When you think of garden wildlife, it’s likely that birds, butterflies and bugs come to mind first, but if so, you’re missing one of the most charming of backyard creatures: toads. Not only are they cute—in a lumpy, bumpy sort of way—they’re incredibly valuable in the garden.
Frog or Toad?
Toads are amphibians and closely related to frogs. There are about two dozen toad species in North America. Unlike aquatic frogs, toads are adapted to live in
drier land environments. They have dry skin, rounded bodies, blunt noses and short legs that they walk on as often as hop. Most have tan, brown or gray coloration to blend in
with soil, fallen leaves and rocks. Toads also have bumps on their skin. Contrary to myth, these aren’t warts. They are called paratoid glands and they produce toxins that protect toads from predators.
Toads are strictly carnivorous. They feed on beetles, slugs, crickets, flies, ants and other invertebrates. Larger toad species even eat small rodents and snakes. All toads will try to eat anything they can pull into their mouths and swallow. When it comes to natural pest control, you can’t do much better than a healthy toad population on your property.
Toads, like all amphibians, are highly susceptible to environmental toxins. Their skin readily absorbs pesticides, chemical fertilizers and other
pollutants. If exposed to unhealthy levels of these things, amphibians can’t survive. If you have toads in your yard, it’s a good indication of a clean environment.
Although toads don’t rely on plants for food, they do benefit from them. Native plants offer habitats to natural insect populations, which are a toad’s main food source. Plants also provide toads with cover to hide from predators. A bare lawn won’t help attract toads, but natural garden beds filled with native plants will.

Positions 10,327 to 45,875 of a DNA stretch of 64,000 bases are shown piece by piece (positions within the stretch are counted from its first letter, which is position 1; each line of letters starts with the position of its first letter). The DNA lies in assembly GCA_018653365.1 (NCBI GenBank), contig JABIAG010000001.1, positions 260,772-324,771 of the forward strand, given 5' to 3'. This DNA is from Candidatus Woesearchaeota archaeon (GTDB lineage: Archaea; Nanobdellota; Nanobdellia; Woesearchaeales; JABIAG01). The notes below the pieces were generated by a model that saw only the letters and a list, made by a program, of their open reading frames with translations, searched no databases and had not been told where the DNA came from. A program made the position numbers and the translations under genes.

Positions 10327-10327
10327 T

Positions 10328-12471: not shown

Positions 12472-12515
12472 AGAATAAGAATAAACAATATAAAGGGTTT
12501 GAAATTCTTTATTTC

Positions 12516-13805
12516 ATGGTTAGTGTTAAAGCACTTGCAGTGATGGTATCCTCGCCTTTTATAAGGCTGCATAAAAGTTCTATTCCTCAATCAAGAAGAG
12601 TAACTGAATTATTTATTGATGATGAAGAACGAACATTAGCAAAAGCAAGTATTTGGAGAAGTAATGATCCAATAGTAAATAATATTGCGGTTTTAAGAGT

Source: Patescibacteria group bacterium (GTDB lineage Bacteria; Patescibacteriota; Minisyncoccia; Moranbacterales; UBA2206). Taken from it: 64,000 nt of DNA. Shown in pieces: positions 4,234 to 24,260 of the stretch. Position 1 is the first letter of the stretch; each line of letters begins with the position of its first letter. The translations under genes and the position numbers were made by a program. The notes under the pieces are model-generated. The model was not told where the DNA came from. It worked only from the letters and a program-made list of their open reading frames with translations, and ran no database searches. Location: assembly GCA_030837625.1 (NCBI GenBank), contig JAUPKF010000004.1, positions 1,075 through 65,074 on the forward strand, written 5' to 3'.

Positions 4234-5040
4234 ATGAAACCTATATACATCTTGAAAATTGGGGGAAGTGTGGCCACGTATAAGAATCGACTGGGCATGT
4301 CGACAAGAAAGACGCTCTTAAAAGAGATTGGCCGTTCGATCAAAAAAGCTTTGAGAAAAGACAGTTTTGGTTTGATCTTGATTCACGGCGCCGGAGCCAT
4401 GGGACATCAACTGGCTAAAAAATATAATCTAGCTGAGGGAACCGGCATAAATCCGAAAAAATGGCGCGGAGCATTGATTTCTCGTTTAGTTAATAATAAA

Create a brush or rock pile and leave a layer of fallen leaves to provide hiding places. Also, eliminate the use of chemical pesticides and fertilizers, which can kill toads outright and eliminate their prey. A clean water source is also necessary. Toads lay their eggs in shallow ponds, and without water, they can’t produce the next generation. In most cases, a water garden a foot or more deep will suffice. Place a small tree branch in the water, as well as aquatic vegetation, and let some leaves accumulate. Toads attach strings of their eggs to twigs and branches, and their tadpoles use the vegetation as hiding places. Start welcoming toads to your yard and enjoy the magic of listening to the trilling mating calls of male toads on warm spring nights.
3 Ways to Create a Toad Abode
Build toads a space of their own. Place your new toad home in a shady spot near a water source.
- Half-bury a large flowerpot on its side.
- Tip a flowerpot upside down and prop one side up with a few rocks to create an entrance.
- Gather flat rocks and build a toad-sized house with them.